Indian wars and pioneers of Texas / by John Henry Brown.

INDIAN WARS AND PIONEERS OF TEXAS.

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them some miles away, and thus enabled th4
women and children to ride. The few peopl
around, though but returned to their desertei
homes after the victory of San Jacinto, shared all
they had of food and clothing with them. Plummer,
after six days of wanderings, joined the
party the same day. In due time the members of
the party located temporarily as best suited the
respective families. A party from Fort Houston
went up and buried the dead.
The experienced frontiersman of later days will
be struck with the apparent lack of leadership or
organization among the settlers. Had they existed,
combined with proper signals, there can be little
doubt but that the Indians would have been held
at bay.
THE CAPTIVES.
Mrs. Kellogg fell into the hands of the Keechis,
from whom, six months after her capture, she was
purchased by some Delawares, who carried her
into Nacogdoches and delivered her to Gen. Houston,
who paid them $150.00, the amount they had
paid and all they asked. On the way thence to
Fort Houston, escorted by J. W. Parker and
others, a hostile Indian was slightly wounded and
temporarily disabled by a Mr. Smith. Mrs. Kellogg
instantly recognized him as the savage who
had scalped the patriarch, Elder John Parker,
whereupon, without judge, jury or court-martial,
or even dallying with Judge Lynch, he was involuntarily
hastened on to the happy hunting-ground
of his fathers.
Mrs. Rachel Plummer, after a brutal captivity,
through the agency of some Mexican Santa Fe
traders, was ransomed by a noble-hearted American
merchant of that place, Mr. William Donoho.
She was purchased in the Rocky Mountains so far
north of Santa Fe that seventeen days were consumed
in reaching that place. She was at once
made a member of her benefactor's family, after
a captivity of one and a half years. She, ere long,
accompanied Mr. and Mrs. Donoho to Independence,
Missouri, and in due time embraced her
brother-in-law, Nixon, and by him was escorted
back to her people. On the 19th of February,
1888, she reached her father's house, exactly
twenty-one months from her capture. She had
never seen her infant son, James P., since soon
after their capture, and knew nothing of his fate.
She wrote, or dictated an account of her sufferings
and observations among the savages, and died on
the 19th of February, 1839. About six months
after her capture she gave-birth to a child, but it
was cruelly murderedin her presence. As remarke
able coincidences it may be stated that she was born
e on the 19th, married on the 19th, captured on the
19th, released on the 19th, reached Independence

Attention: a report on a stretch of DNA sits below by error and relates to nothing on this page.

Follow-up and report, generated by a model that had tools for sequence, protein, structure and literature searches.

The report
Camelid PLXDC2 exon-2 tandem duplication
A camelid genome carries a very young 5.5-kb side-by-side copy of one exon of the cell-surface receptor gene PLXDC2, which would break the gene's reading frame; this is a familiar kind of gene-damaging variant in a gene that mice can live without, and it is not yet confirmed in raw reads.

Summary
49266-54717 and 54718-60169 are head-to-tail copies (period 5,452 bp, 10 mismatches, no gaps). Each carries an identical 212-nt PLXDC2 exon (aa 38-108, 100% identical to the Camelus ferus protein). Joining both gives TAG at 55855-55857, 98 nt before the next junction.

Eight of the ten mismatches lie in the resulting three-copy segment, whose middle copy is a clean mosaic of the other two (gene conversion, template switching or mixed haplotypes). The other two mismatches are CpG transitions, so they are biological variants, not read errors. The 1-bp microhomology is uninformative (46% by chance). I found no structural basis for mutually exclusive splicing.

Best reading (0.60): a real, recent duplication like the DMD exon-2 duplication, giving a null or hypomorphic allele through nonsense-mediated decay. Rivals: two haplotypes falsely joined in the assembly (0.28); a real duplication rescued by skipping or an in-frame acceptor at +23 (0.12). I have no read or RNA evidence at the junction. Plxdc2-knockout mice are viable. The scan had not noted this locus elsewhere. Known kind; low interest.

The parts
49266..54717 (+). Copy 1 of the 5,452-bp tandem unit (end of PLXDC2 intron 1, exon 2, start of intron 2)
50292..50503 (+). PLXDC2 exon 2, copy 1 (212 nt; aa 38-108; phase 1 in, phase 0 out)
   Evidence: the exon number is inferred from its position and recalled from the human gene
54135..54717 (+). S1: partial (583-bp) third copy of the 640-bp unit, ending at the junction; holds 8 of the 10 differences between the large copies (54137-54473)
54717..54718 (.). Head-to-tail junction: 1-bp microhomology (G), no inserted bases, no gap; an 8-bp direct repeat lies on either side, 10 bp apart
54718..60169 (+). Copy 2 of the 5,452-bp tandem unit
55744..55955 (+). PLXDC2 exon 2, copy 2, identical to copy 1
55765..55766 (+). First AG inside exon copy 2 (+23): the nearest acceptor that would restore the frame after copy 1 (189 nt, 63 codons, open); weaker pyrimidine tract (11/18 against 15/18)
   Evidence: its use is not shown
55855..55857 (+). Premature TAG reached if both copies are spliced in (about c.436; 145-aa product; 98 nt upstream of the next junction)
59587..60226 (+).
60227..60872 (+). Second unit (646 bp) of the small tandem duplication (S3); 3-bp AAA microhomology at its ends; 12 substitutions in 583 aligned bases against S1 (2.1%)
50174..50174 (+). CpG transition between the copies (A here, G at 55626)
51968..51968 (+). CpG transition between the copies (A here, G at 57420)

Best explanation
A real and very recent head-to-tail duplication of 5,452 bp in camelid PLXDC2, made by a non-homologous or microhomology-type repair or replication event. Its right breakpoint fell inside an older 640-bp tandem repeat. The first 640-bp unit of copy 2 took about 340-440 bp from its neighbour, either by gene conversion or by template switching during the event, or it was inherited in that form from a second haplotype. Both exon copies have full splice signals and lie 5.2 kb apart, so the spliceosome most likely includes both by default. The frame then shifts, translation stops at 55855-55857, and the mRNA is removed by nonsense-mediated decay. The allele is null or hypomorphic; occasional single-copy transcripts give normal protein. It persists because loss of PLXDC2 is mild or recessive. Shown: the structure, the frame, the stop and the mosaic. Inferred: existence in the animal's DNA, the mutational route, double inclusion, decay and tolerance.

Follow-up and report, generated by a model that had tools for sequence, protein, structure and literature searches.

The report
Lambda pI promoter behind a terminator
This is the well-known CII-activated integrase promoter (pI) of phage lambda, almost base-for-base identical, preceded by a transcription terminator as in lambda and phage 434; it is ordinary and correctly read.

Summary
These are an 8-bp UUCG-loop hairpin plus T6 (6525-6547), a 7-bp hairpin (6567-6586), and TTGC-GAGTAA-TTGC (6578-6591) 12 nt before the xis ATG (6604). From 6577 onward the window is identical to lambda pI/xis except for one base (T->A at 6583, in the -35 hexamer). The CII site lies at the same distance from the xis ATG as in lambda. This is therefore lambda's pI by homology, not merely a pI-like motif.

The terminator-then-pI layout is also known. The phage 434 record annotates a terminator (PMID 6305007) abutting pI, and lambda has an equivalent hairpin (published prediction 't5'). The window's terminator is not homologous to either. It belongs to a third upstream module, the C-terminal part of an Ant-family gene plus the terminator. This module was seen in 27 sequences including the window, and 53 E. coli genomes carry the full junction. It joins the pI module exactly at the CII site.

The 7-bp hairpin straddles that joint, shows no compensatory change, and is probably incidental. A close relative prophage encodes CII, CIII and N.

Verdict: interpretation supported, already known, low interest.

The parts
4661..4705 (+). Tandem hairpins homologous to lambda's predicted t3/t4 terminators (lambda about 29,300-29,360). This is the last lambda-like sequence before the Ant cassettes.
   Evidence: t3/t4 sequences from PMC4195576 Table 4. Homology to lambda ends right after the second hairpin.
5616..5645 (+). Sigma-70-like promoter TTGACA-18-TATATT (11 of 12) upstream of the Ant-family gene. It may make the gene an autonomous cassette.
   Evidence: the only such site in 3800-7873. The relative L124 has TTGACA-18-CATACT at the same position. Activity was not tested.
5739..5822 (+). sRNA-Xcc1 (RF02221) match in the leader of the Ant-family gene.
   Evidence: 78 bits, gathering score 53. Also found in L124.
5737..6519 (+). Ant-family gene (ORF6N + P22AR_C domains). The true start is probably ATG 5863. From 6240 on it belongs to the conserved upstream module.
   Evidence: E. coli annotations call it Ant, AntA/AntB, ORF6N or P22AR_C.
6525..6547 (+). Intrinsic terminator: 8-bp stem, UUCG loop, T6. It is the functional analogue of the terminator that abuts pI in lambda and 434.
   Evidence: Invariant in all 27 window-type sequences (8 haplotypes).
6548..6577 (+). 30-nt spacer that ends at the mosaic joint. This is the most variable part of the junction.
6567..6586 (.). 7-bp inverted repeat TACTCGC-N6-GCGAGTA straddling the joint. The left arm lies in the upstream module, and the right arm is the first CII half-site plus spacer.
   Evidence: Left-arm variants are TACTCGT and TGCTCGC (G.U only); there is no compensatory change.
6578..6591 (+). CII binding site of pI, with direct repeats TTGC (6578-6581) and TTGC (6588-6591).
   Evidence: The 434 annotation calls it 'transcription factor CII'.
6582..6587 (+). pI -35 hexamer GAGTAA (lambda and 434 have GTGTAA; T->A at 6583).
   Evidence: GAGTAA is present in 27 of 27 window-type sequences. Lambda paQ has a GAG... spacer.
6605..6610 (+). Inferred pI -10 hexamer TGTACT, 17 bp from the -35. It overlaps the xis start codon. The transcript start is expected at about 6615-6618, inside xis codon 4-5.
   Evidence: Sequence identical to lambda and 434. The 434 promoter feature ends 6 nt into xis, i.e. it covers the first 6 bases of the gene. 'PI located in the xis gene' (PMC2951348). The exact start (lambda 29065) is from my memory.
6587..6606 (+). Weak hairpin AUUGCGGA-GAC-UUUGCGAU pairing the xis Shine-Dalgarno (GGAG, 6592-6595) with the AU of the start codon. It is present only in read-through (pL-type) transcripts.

1 on the 19th, arrived at home on the 19tb,
and died on the 19th of the month. Her
child, James Pratt Plummer, was ransomed and
f taken to Fort Gibson late in 1842, and reached
home in February, in 1843, in charge of his grandfather.
He became a respected citizen of Anderson
County. This still left in captivity Cynthia
Ann and John Parker, who, as subsequently
learned, were held by separate bands. John grew
to manhood and became a warrior. In a raid into
Mexico he captured a Mexican girl and made her
his wife. Afterwards he was seized with small-pox.
His tribe fled in dismay, taking his wife and leaving
him alone to die; but she escaped from them and
returned to nurse him. He recovered and in disgust
quit the Indians to go and live with his wife's
people, which he did, and when the civil war broke
out, he joined a Mexican company in the Confederate
service. He, however, refused to leave the
soil of Texas and would, under no circumstance,
cross the Sabine into Louisiana. He was still living
across the Rio Grande a few years ago, but up
to that time had never visited any of his Texas
cousins.
RECOVERY OF CYNTHIA A-E PARKER.
From May 19th, 1836, to December 18th, 1860,
was twenty-four years and seven months. Add to
this nine years, her age when captured, and, at the
latter date Cynthia Ann Parker was in her thirtyfourth
year. During that quarter of a century no
reliable tidings had ever been received of her.
She had long been given up as dead or irretrievably
lost to civilization. As a prelude to her
reclamation, a few other important events may be
narrated.
When, in 1858, Major Earl Van Dorn, United
States dragoons, was about leaving Fort Belknap
on his famous campaign against the hostile tribes,
Lawrence Sullivan Ross (the Gen. "Sul" Ross,
a household favorite throughout Texas to-day),
then a frontier Texas youth of eighteen, bad just
returned for vacation from college. He raised and
took command of 135 friendly Waco, Tebusacano
Toncahua and Caddo Indians and tendered their
services to Van Dorn, which were gladly accepted.
He was sent in advance to " spy out the land," the
troops and supply trains following. Reaching the
Wichita mountains, Ros sent a confidential Waoo
and Tehuacano to the Wichita vllage, 75 miles east
of the Washita river, hoping to learn where the

Brown, John Henry. Indian wars and pioneers of Texas / by John Henry Brown.. Austin, Tex.. The Portal to Texas History. http://texashistory.unt.edu/ark:/67531/metapth6725/. Accessed April 21, 2014.